General Motors (
) announced its U.S. sales for November. There wasn't too much of a
shock or surprise in the headline figure as the automaker's sales
grew 3.4% to 186,505 units. On a year-to-date basis, its sales
are up 3.3%. We take a closer look at the report and
investigate the good and the bad about this sales report.
The good part about the monthly sales report was that GM's car
sales were up almost 19%, led by Chevrolet Cruze which was up 27%.
The much maligned Volt was up 33% as well. Overall, combined sales
of mini, small and compact cars were up 51%.
Moreover, Cadillac sales surged 30% to 14,517 units. Sales
through November are still marginally down, but they have only
accelerated after the introduction of the ATS and XTS so we are
likely to see the momentum carry over into 2013 as well. GM
has big plans to push the Cadillac and double its sales in the next
three years. Luxury vehicles have wider margins so if the trend
continues, the company's profitability will certainly benefit.
See full analysis for General Motors
Sales of light trucks were down 3.8%. Since they make up for
more than 60% of its total sales, its impact was pretty much
evident on the overall sales figures. The worrying news is
that the automaker's pick up truck inventory swelled to 139 days
from 110 days in October. GM will unveil the Silverado 2014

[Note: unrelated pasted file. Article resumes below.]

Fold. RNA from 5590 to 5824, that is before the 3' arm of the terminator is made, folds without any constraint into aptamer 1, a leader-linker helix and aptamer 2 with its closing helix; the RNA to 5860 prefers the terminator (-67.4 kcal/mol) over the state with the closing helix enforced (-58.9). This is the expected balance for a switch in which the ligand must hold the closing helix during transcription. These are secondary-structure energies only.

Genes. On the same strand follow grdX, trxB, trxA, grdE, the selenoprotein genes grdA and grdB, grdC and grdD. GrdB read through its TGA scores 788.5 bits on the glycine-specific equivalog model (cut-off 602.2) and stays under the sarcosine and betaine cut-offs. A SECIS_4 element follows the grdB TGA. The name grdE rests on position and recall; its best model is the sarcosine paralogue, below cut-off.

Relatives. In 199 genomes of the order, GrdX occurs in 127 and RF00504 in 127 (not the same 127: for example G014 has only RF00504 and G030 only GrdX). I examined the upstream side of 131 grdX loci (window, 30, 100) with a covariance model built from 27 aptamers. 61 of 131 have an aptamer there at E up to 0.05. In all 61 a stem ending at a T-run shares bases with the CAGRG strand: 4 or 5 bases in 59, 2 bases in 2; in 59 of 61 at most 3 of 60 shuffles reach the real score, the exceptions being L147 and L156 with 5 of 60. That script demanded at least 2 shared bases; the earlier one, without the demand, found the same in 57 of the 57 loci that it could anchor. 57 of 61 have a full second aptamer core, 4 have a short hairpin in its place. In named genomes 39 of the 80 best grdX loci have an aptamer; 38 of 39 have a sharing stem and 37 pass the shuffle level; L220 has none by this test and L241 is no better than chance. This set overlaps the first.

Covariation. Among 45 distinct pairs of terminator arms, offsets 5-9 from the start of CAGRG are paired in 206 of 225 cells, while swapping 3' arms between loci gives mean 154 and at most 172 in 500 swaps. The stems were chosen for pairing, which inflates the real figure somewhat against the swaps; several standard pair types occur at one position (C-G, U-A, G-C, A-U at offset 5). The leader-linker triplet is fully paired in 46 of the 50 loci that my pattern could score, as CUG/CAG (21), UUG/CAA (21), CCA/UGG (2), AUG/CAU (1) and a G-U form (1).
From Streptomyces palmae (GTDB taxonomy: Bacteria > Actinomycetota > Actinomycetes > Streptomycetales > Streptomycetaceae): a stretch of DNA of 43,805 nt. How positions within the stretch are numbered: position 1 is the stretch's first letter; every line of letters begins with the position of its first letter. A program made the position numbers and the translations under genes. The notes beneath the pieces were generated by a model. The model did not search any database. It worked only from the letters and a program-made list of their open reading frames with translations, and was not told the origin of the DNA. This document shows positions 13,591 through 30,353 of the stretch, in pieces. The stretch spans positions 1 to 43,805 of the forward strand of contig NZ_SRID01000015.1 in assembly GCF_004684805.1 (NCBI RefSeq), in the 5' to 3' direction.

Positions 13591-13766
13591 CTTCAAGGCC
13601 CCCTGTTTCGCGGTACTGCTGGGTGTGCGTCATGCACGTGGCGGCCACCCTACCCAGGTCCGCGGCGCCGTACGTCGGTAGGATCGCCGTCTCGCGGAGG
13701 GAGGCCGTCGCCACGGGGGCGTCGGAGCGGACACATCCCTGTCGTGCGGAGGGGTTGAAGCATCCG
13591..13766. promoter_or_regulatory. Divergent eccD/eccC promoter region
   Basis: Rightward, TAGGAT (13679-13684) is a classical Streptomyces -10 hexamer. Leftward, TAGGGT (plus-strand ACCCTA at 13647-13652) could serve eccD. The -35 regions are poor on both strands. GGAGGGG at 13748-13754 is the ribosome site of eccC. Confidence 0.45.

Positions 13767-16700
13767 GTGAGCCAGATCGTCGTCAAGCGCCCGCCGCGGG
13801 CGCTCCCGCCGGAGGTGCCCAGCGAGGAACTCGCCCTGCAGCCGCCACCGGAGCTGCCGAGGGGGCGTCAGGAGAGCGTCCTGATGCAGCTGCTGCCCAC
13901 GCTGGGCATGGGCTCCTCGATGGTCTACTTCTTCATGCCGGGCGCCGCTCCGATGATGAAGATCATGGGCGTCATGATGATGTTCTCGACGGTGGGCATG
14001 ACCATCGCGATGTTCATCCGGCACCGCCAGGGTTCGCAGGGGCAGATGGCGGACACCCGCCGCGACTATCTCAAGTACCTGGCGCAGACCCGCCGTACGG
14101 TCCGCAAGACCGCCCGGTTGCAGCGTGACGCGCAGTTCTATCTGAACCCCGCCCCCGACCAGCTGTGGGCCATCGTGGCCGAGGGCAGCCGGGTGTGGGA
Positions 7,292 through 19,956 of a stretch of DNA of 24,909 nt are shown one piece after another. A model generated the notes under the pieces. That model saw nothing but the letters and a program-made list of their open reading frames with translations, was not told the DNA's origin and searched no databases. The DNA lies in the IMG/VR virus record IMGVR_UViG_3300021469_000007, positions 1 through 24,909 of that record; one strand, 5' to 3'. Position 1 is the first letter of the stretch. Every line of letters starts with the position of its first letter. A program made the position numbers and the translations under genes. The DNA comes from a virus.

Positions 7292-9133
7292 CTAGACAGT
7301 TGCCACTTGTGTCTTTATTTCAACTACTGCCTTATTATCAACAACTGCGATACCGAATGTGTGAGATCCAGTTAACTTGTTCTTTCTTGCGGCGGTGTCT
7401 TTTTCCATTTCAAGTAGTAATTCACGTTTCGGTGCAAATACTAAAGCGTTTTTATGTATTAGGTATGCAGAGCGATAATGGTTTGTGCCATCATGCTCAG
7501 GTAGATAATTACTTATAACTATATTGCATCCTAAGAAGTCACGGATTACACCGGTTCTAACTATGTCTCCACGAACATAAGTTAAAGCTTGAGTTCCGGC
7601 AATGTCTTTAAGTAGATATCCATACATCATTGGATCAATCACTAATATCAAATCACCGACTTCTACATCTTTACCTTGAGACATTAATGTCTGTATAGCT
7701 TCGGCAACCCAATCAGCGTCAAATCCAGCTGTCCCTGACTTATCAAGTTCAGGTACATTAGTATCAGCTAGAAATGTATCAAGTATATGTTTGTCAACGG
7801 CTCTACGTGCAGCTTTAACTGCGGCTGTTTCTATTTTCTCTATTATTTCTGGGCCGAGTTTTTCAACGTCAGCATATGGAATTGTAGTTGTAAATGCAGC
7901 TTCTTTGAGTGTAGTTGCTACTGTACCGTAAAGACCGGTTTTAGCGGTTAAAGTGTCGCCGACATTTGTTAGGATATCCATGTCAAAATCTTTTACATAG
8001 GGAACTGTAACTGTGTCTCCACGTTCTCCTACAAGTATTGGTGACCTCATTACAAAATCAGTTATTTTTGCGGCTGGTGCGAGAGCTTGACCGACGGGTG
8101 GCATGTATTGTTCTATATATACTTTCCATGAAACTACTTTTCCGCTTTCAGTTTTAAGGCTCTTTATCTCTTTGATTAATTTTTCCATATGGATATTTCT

early next year and a rising inventory of its existing line up
could dent the launch of the redesigned model. To clear its
existing stockpile, GM might need to offer abnormally high
incentives which could then suddenly make the newer model appear
unattractive due to its higher pricing. Silverado is GM's best
selling vehicle and accounts for about 15% of the company's total
sales. Moreover, heavier vehicles are generally more profitable so
their contribution to the overall profits could be even higher.
GM cited higher incentives offered by its competitors as the
reason for the decline in truck sales. While GM's truck sales
) and Chrysler registered a growth of 2.8% and 9.6%
respectively. A look at incentive spending offered by other
automakers reveals that GM's average incentive spending was indeed
lower than Chrysler's $4,748 for the Ram pickup but was still
higher than Ford's $3,294 per unit. GM offered $3,988 per
unit for Silverado and $4,226 for Sierra. Thus, there is still work
left to be done by GM in this department.
We have a
$26.90 price estimate for General Motors,
which is about 5% more than the current price.
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